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[casi] more faked coalition documents

28 March 2003

Coalition faked it, says UN
By Louis Charbonneau VIENNA

A few hours and a simple internet search was all it took for UN inspectors to realize documents 
backing US and British claims that Iraq had revived its nuclear program were crude fakes, a UN 
official said.

Speaking to Reuters on condition of anonymity, a senior official from the UN nuclear agency who saw 
the documents offered as evidence that Iraq tried to buy 500 tons of uranium from Niger, described 
one as so badly forged his "jaw dropped".

"When [UN experts] started to look at them, after a few hours of going at it with a critical eye 
things started to pop out," the official said, adding a more thorough investigation used up 
"resources, time and energy we could have devoted elsewhere".

The US first made the allegation that Iraq had revived its nuclear program around September last 
year when the CIA warned that Baghdad "could make a nuclear weapon within a year" if it acquired 

US President George W. Bush found the proof credible enough to add it to his State of the Union 
speech in January.

The International Atomic Energy Agency (IAEA) official said the charge that Iraq sought the uranium 
was to be the "stake in the heart" of Baghdad and "would have been as close to a smoking gun as you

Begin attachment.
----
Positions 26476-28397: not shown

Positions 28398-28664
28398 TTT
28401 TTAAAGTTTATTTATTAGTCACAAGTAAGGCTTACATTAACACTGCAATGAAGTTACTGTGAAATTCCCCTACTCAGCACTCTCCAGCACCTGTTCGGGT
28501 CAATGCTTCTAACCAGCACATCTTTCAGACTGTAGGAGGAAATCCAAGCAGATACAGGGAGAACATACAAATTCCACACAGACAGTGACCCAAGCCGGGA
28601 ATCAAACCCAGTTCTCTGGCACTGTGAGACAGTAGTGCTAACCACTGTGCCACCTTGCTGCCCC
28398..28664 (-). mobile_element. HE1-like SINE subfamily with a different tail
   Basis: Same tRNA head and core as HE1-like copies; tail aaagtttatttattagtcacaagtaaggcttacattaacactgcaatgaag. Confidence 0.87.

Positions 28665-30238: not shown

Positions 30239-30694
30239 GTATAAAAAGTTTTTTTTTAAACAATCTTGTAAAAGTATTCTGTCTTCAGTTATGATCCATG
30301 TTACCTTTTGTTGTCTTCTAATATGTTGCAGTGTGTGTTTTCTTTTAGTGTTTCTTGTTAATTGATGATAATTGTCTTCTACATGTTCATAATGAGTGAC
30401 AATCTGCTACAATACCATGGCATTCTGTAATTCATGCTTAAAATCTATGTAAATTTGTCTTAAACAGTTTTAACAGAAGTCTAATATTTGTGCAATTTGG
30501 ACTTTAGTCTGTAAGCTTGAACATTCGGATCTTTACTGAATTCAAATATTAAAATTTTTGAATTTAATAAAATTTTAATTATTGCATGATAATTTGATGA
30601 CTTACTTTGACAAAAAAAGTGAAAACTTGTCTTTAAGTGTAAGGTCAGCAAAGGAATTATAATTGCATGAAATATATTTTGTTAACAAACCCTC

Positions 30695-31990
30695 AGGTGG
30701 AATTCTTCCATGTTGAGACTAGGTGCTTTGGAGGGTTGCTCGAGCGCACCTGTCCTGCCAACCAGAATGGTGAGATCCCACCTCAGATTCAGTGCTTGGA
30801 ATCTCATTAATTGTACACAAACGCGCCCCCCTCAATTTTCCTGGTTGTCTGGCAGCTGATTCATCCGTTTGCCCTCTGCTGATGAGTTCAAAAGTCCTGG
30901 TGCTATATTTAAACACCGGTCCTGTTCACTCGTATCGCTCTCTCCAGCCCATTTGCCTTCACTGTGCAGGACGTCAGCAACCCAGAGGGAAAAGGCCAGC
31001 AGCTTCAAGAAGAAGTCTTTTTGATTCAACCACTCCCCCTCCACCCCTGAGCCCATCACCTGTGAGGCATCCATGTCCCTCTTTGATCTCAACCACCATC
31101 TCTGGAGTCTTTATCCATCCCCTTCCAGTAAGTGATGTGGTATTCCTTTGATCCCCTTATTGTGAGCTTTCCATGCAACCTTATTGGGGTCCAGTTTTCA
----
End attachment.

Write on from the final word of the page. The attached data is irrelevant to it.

could get" because Iraq could only want it for weapons.

Once the IAEA got the documents  which took months - French nuclear scientist Jacques Bautes, head 
of the UN Iraq Nuclear Verification office, quickly saw they were fakes.

Two documents were particularly bad. The first was a letter from the president of Niger which 
referred to his authority under the 1965 constitution. That constitution has been defunct for 
nearly four years, the official said.

There were other problems with the letter, including an unsuccessful forgery of the president's 

"It doesn't even look close to the signature of the president. I'm not a [handwriting] expert but 
when I looked at it my jaw dropped," the official said.

Another letter about uranium dated October 2000 purportedly came from Niger's foreign minister and 
was signed by a Mr. Alle Elhadj Habibou, who has not been foreign minister since 1989.

To make matters worse, the letterhead was out of date and referred to Niger's "Supreme Military 
Council" from the pre-1999 era  which would be like calling Russia the Soviet Union.

After determining the documents were fakes, the IAEA had a group of international forensics experts 
 including people from the US and Britain - verify their findings. The panel unanimously agreed 
with the IAEA.

"We don't know who did it," the official said, adding that it would be easy to come up with a long 
list of groups and states which would like to malign the present Iraqi regime.

The IAEA asked the US and Britain if they had any other evidence backing the claim that Iraq tried 
to buy uranium. The answer was no.

IAEA chief Muhammad Al Baradei informed the UN Security Council in early March that the Niger proof 
was fake and that three months with 218 inspections at 141 sites had produced "no evidence or 
plausible indication" Iraq had a nuclear program.

But last week US Vice President Dick Cheney repeated the US position and said that Al Baradei was 
wrong about Iraq.

"We know [Iraqi President Saddam Hussein] has been absolutely devoted to trying to acquire nuclear 
weapons, and we believe he has in fact reconstituted nuclear weapons," he said.



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